The TTIP is a series of trade negotiations, being carried out mostly in secret, between the EU and US apparatchiks, acting for Trans-National Corporations (TNCs), intended to reduce the regulatory barriers to trade on big business. The powers being negotiated include the sovereign powers of individual nations which might be used to protect entities involved in such as the provision of education and health.
Six widely expressed objections are:
1. It threatens privatisation of the NHS
2. It will impose laxer US food regulations on the EU, eg allowing GM foods in EU
3. It will impose London’s lax banking regulation on the rest
4. It threatens to reduce personal data privacy (eg Anti-Counterfeiting Trade Agreement – ACTA being brought back by the back door having been democratically rejected in EU)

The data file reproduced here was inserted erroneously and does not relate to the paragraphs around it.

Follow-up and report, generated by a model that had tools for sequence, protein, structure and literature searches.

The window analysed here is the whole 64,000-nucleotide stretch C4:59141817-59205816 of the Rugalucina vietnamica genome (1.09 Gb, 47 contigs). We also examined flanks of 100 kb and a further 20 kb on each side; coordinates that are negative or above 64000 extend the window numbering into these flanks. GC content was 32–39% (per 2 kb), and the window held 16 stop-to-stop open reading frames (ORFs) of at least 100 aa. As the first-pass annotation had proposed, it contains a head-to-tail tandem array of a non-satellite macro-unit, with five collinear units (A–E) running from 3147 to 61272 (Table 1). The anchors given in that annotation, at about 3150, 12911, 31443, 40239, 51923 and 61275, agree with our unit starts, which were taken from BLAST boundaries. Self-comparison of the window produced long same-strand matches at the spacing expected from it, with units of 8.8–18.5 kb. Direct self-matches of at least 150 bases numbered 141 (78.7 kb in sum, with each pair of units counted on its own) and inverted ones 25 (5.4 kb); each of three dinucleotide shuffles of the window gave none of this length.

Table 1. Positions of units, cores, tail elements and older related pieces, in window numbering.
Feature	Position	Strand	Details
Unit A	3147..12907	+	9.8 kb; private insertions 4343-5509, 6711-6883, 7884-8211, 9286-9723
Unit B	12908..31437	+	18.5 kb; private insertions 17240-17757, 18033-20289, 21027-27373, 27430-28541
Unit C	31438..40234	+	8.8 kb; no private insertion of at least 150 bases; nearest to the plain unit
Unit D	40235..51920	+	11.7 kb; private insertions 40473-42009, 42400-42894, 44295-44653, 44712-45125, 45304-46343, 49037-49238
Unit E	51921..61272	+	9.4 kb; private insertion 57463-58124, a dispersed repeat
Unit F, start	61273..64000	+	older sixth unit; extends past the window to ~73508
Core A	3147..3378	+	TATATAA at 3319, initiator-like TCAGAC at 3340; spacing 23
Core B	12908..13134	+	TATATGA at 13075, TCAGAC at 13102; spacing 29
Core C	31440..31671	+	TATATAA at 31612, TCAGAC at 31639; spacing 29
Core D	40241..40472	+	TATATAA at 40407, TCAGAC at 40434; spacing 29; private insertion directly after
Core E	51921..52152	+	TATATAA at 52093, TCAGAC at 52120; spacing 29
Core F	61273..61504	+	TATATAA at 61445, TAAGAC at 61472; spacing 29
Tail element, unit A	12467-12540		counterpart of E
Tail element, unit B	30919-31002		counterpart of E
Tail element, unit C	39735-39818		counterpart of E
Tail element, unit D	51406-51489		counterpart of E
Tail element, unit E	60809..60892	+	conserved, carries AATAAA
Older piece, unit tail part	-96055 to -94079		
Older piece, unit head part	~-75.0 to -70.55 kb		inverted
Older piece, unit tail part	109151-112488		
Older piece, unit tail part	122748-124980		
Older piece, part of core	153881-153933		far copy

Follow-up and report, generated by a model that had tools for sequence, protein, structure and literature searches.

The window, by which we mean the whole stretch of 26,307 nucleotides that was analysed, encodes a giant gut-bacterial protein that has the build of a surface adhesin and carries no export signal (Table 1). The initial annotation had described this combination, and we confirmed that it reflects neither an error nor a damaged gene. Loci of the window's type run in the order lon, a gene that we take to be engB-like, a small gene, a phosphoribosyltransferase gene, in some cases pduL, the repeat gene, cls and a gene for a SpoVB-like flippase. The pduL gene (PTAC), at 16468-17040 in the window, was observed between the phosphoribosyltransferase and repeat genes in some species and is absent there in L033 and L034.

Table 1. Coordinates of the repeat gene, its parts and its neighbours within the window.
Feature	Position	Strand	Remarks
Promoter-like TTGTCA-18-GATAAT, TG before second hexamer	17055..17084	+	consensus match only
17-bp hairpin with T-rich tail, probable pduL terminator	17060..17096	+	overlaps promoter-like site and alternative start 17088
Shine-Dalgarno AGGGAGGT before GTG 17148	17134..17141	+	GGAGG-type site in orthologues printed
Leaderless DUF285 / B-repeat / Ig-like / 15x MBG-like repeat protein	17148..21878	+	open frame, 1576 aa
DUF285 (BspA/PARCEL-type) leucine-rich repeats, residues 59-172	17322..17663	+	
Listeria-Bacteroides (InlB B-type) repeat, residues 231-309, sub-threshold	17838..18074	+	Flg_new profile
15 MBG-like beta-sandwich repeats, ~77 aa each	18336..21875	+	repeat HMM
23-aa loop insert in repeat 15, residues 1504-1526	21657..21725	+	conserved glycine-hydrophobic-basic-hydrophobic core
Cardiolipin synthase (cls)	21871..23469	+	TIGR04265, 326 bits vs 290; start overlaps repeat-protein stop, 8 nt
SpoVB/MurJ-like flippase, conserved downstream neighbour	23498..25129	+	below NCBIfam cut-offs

5. It will cause job losses as lower US labour standards and trade union rights applied in EU
6. It is anti-democratic – the Investor State Dispute Settlement (ISDS) arrangements, which are part of TTIP, will enable TNCs to sue governments if their policies cause loss of profits.
With TTIP being negotiated in secret, people do not have the opportunity to debate and vote. Once implemented, it will be extremely difficult to undo.
But it is much worse than that.
Continue reading Transatlantic Trade and Investment Partnership Revisited
The aim of the UN climate change conference in Paris is to achieve a legally binding and universal agreement to reduce greenhouse gas emissions, so as to limit the global temperature increase to a maximum of 2°C above pre-industrial levels. Only then could this generation lay any claim to having fulfilled its responsibility to bequeath a sustainable planet earth.